The policies written for today’s automotive recycling exposures are particularly tricky to construct and read due to the myriad of exposures found in a typical recycling operation. These exposures can range from the common dismantling and recycling of cars and trucks to the sale of used and new parts to the sale of used cars and trucks – not to mention self-service yards and the crushing and recycling of scrap metal. The coverages for these exposures all have idiosyncrasies that, if not written properly, could mean the difference between a claim being paid or denied outright.

Additionally, each of these exposures require different coverages including but not limited to Property, General Liability, Auto, and Workers Compensation. Due to the number of coverages you are exposed to, if they are all not covered properly, you need to make a decision whether you want to try to learn everything you can yourself about insurance or use the services of a professional agent that specializes in insuring your type of exposures. Either way, you are becoming a “smarter” buyer which will save you money when you purchase the coverage as well as maximize your coverage when you do have a claim. This may be the difference between your business surviving a catastrophe or not.
Bill Velin is Vice President at Insured Insurance Group/Lee F. Murphy Insurance, one of the largest Insurance companies in the country.

From Caryn Smith

Thinking outside the box on how to incentivize employees can be difficult because the line of thinking can be “this is the way we’ve always done it,” as well as “what will it cost the business.” But sometimes added incentives are the very things you can do to inspire loyalty. In the age of job hopping millennials and independent generation Xers, attracting and retaining top talent is a priority.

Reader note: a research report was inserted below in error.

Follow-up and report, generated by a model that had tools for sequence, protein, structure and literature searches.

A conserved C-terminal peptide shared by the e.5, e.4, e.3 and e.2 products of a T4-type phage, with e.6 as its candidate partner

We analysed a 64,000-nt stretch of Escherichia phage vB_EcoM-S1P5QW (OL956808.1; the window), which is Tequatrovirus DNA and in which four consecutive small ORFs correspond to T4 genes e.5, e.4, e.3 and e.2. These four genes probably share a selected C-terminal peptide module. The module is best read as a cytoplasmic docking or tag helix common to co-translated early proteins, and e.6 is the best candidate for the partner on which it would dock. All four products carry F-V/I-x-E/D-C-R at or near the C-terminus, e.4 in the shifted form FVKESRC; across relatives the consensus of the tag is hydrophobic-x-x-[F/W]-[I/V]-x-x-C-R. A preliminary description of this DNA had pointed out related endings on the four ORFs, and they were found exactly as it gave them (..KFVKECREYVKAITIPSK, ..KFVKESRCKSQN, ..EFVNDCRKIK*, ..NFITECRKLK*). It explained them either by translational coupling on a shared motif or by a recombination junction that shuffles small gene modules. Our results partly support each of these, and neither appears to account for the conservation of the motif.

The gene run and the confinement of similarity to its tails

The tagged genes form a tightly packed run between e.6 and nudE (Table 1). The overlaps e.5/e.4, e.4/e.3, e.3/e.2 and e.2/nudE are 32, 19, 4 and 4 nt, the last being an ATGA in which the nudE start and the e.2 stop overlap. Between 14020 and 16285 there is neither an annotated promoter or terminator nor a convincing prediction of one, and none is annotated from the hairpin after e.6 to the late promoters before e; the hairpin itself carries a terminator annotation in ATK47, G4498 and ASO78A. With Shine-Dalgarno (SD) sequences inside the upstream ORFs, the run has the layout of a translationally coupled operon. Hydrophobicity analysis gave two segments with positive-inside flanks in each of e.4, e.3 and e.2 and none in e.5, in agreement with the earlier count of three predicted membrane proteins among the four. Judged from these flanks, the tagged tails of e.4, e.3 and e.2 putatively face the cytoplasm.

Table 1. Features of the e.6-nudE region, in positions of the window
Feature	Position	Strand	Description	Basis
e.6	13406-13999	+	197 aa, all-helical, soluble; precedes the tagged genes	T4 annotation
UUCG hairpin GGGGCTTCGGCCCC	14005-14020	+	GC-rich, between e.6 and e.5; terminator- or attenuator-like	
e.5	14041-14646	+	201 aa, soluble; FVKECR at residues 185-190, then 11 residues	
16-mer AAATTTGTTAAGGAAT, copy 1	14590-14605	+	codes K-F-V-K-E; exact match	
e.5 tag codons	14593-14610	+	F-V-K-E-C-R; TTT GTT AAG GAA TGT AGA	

One idea I came across was to offer equity to all employees, not based on their tenure with the company but based on the company’s performance. As in sports, winning is a team effort. The higher the company is valued, employee agreements include increased equity and bonuses. This also keeps employees accountable to each other, rather than a top-down structure of management.

Another interesting perk was encouraging meaningful “time off.” The idea of offering a certain amount of paid time off for employees to do volunteer service in the community or take a class in an interest they have, not necessarily work related, inspires them to be well-rounded people. It also shows that the employer is more concerned with their character than their performance. Occasionally, doing community service as a team, possibly quarterly, also offers team building aspects.

Providing some extra-curricular activities at the workplace could be an added-value your team would enjoy. Allowing employees a daily “blow off steam” break to get a quick game of pickup basketball in, or putting in a small gym with a shower on premises could allow them the brain break they need to be more productive.

Another idea I think is a winner is offering an “idea bounty,” where you encourage employees to bring good/creative ideas to team meetings. Ideas could be anything from a new process, a new piece of equipment needed to suggesting a team outing. If the idea is embraced and implemented by the team (by voting), they get cash, like $20, on the spot.

If you like these ideas, but they are not the right ones for you, simply Google “creative employee incentives,” and you can find hundreds of ideas that won’t break the bank but are invaluable to improving moral and creating loyalty for employee longevity!
Caryn Smith is editor of Automotive Recycling and an entrepreneur with several family-run businesses.